It should take no-one long to realise that results in horseracing (or other sports for that matter) do not always reflect what went on or the relative merits of the protagonists.
An extreme example is the Kauto Star Novices’ Chase at Kempton in 2016. The Form Book has Royal Vacation as a 12-length winner, but Might Bite was nearly 20 lengths clear when falling at the last, which is just 152 yards from the finish.
Despite this, and to my personal bemusement, some commentators refused to speculate on what might have happened otherwise and rated Royal Vacation ahead of his rival.
A slightly less obvious one is a lightly-raced and promising horse finishing in eye-catching style into sixth in a field of handicappers, for which it subsequently gets dropped 2 lb by the official handicapper.
An even less obvious one might be a horse winning impressively on its debut but in a steadily-run race in which even the wide margin of its victory fails to reflect how superior to its rivals it was.
Results are a starting point for analysis, then, not the end of the matter.
That last scenario, of a horse winning impressively on its debut but still in danger of being sold short, is the one that transpired with WALDKONIG at Wolverhampton on Saturday evening.
The Kingman half-brother to Arc winner Waldgeist, a 600,000-guinea yearling purchase, came home clear, but in an overall time equivalent to a figure of just 63 by my reckoning.
If you use that time, or even the bare facts of his beating modest rivals by nine lengths, as a starting and ending point then you will be short-changing this exciting talent.
Fortunately, there are alternatives, including using your eyes and experience to estimate how much better than the result Waldkonig was – the “visuals” approach – and using sectionals to try to quantify such things more precisely.
Simply gathering sectionals, let alone making sense of them, has been a laborious process for much of racing history. But things have changed of late thanks to Total Performance Data, whose figures for striding as well as for sectionals are displayed in the Results Section on this site.
Thus it is that we know Waldkonig ran the last two splits in 11.24s then 11.27s, while most of his rivals were struggling to break 12.0s, and that his supercharged finish came after an even enough opening but a notably slow mid-race.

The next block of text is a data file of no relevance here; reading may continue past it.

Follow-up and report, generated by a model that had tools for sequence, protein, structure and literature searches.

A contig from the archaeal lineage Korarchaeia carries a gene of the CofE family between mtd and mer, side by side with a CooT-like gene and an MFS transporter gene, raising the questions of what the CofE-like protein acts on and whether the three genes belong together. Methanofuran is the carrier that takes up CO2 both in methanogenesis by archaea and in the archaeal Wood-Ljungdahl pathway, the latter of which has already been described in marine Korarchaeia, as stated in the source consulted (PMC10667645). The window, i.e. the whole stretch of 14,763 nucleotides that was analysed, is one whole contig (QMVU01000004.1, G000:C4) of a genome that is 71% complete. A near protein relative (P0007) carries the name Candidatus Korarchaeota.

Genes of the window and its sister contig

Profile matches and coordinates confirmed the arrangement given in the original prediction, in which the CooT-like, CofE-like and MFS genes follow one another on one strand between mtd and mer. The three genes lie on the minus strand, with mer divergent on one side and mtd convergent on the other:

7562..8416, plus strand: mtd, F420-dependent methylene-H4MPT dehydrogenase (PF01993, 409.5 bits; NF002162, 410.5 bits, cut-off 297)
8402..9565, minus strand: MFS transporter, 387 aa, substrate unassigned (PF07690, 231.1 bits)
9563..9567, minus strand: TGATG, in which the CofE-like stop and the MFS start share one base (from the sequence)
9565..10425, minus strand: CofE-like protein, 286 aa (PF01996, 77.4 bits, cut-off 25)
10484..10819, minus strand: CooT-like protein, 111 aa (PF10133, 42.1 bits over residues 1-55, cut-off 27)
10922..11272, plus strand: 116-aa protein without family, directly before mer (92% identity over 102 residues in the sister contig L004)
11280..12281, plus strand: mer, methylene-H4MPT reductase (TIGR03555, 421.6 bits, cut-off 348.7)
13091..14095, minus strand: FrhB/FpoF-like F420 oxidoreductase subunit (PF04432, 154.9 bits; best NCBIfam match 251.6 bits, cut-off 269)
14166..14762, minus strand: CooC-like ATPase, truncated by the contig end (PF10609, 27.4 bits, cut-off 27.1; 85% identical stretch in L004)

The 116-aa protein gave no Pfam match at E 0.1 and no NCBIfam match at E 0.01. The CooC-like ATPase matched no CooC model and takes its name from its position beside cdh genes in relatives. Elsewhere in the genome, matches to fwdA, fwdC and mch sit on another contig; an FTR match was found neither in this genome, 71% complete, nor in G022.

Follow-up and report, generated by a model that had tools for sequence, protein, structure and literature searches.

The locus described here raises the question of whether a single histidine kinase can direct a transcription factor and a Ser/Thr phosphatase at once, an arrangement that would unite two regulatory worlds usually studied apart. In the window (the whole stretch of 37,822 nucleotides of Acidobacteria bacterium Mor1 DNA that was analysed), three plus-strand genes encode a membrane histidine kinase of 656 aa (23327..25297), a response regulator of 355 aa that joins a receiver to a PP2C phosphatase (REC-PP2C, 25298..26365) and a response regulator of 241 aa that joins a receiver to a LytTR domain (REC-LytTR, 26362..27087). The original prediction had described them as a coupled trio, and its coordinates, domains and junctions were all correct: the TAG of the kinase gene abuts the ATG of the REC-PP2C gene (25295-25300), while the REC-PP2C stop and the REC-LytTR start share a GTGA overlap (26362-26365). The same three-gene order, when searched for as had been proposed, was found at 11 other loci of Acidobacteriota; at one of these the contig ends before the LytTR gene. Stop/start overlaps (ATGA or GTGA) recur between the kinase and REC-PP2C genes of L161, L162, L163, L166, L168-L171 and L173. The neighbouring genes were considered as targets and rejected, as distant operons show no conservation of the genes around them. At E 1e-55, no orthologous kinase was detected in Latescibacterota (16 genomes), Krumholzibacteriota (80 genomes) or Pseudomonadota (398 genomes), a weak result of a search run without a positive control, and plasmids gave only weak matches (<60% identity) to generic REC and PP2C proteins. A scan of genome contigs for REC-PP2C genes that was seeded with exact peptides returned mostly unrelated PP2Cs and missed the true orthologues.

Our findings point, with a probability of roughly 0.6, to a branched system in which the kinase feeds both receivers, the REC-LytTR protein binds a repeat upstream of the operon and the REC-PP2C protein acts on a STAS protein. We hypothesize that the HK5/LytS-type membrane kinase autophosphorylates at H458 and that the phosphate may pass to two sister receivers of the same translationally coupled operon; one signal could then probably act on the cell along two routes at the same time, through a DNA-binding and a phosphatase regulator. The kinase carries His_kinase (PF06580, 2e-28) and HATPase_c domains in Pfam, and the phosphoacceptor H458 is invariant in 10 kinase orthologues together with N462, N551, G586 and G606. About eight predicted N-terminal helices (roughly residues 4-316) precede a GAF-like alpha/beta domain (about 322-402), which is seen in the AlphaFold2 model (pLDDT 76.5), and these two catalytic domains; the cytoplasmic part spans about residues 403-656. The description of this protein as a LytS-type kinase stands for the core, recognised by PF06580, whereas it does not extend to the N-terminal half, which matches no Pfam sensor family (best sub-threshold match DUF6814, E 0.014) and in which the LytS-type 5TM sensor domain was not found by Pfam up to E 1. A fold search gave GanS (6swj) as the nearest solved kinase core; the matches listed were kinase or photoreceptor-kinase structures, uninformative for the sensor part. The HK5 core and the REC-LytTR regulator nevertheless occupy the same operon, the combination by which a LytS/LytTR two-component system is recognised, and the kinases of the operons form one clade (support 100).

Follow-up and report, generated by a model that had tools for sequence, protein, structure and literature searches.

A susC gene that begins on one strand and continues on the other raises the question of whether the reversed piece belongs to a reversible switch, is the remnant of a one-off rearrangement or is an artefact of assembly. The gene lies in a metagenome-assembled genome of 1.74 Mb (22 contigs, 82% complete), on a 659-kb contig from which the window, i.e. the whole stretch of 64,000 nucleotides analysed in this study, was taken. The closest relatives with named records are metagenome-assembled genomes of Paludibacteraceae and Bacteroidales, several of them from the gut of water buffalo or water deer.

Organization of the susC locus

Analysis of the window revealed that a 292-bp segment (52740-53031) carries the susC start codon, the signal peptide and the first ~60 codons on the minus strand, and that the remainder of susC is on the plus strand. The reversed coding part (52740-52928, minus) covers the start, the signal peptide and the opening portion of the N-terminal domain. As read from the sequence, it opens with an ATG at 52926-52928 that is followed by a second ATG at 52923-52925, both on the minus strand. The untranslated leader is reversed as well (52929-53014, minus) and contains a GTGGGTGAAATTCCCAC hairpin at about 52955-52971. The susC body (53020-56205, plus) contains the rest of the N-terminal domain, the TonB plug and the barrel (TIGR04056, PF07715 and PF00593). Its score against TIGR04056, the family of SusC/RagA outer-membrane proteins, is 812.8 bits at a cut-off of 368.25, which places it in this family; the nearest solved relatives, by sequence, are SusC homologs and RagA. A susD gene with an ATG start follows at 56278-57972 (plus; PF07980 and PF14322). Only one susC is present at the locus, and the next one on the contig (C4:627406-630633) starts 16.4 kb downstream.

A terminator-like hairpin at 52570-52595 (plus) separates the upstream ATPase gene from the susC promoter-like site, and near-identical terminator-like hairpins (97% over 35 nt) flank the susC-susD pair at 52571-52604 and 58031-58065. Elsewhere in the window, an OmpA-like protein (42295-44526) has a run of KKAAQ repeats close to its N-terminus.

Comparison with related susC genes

A deeper dive into the TPD archive reveals that Waldkonig’s final 1f ranks 39th of over 15,000 efforts at the course, of all ages and at all distances, and 55th for the last 2f (top 0.25% and 0.35% respectively).
It is much easier to run fast when you have been conserving energy earlier in the race, of course. Sectional analysis needs to address that and to try to quantify it. Sectional upgrading does just that.
By establishing a horse’s finishing speed as a % of its average race speed, and comparing that to the par finishing speed % for the course and distance in question, it is possible to estimate how much more quickly a horse could have run had its energy been distributed evenly (a more detailed explanation is to be found in the free-to-download “Sectional Timing: An Introduction by Timeform”, though I have made some tweaks to the methodology since).
This is what I have come up with for the Wolverhampton race.
Sectional upgrading is deliberately conservative when horses run slow overall times but fast closing sectionals (informed by a branch of statistics known as Extreme Value Analysis), but it still has Waldkonig a 106 horse, rather than a 63 horse, as overall time analysis might have it, or a 90-ish horse, as race and prior-rating standardisation might have it.
That is the figure of a listed winner or a Group 3-placed performer. Talk of Waldkonig as a leading Derby contender may be premature, but Derby contenders have to come from somewhere, and very few horses manage to run a 106 sectional rating first time up, while looking green, and with minimal opposition.
That sectional upgrading does indeed suggest that the horses Waldkonig beat were modest. It will be fascinating to see what they do, and especially what HE does, from here.
Time analysis over jumps, including sectional analysis, requires accurate information about both times and distances.
The BHA finally addressed the latter when re-measuring race distances, and obliging courses to issue details of amendments to those race distances on account of rail movements, in 2015.
The good news is that they also aim to improve the accuracy of jumps times by having the electronic timing system triggered at the start, and not just at the finish as at present. This should be with us later this jumps season or early next.
The intention is to begin timing as the lead horse passes the starter, something which has been industry standard for manual systems for a long time now.
Timing from when the tape goes up can artificially add many seconds to a race due to horses being a long way back from the tape and/or failing to break into a gallop immediately.
A good example of the current deficiencies in this area was provided at Sandown last week, when most time sources had GOSHEN’s impressive juvenile hurdle win significantly slower than the 4m 11.7s from passing the starter that Timeform and I independently arrived at.
The alternative version has Goshen running an ordinary time. The “true” time suggests something a lot better than that. He leads my own time-based figures for juveniles by 8 lb from Allmankind.
Something as basic as the time it takes for a horse to complete a race should not be open to so much interpretation and misinterpretation. In future, all being well, things will be different.